A concern, especially amid the spate of attacks against Orthodox Jews, is that those who commit hate crimes would remain on the streets, putting the public at risk.
Just days after the start of 2020, New York Democratic Assemblyman Simcha Eichenstein is pushing for changes to the state’s new bail-reform law, which allows for people charged with certain crimes to be released from jail prior to a trial without posting bail.
Touted as one of the hallmarks of New York’s criminal-justice reform, the new bail law is facing a backlash, particularly in light of the rise in anti-Semitic attacks. Eichenstein represents the heavily Orthodox communities of Midwood and Borough Park in Brooklyn.
Under the current law, bail is eliminated for people facing misdemeanors and nonviolent felonies. The law also requires police to issue “desk appearance tickets,” instead of arresting many of those suspects.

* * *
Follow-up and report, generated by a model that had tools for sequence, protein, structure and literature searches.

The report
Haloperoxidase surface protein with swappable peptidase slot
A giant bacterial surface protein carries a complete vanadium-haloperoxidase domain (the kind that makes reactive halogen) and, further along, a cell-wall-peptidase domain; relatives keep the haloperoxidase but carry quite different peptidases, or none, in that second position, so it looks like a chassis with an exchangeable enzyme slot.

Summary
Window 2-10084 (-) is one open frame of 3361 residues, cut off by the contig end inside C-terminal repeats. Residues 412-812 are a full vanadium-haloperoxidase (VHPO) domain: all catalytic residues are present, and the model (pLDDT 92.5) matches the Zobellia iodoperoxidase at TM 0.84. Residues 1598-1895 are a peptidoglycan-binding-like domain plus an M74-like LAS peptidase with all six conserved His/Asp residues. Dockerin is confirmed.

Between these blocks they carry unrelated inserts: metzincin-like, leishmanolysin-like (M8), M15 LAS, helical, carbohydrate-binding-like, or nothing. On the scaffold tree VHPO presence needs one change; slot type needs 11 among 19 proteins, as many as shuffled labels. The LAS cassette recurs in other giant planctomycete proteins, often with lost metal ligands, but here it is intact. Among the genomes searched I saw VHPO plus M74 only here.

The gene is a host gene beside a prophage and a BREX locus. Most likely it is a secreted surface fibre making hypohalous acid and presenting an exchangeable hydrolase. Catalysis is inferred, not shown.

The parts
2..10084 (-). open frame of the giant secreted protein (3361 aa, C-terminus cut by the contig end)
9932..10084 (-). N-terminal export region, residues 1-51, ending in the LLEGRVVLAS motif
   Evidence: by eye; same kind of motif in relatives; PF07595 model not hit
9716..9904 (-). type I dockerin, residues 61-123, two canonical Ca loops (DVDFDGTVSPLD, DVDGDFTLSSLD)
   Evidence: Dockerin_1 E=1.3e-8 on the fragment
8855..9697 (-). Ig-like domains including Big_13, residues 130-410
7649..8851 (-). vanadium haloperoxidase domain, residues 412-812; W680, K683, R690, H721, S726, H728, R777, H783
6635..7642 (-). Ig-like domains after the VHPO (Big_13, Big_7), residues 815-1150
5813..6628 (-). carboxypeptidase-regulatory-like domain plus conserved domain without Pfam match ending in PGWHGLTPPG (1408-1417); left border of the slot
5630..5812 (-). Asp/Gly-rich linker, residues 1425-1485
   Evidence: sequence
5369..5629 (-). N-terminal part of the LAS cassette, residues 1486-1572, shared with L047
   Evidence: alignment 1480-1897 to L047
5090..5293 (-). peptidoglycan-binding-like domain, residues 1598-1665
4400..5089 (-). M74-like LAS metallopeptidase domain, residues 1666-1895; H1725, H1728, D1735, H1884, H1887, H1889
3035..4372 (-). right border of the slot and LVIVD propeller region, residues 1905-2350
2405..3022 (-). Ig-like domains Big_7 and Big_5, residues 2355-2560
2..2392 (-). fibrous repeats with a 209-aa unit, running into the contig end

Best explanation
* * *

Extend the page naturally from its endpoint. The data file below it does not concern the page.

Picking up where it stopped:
Practically speaking, the concern is that those who commit hate crimes would remain on the streets, putting the public at risk.
Critics point to the case of Tiffany Harris, who was arrested in late December after hitting three Orthodox women. She was released without bail because of the pending new law, and then went on to attack another woman and was arrested again.
Eichenstein’s proposed amendment would classify hate crimes as a “qualifying offense,” giving the courts leeway to affix bail or to keep in custody people charged with such incidents.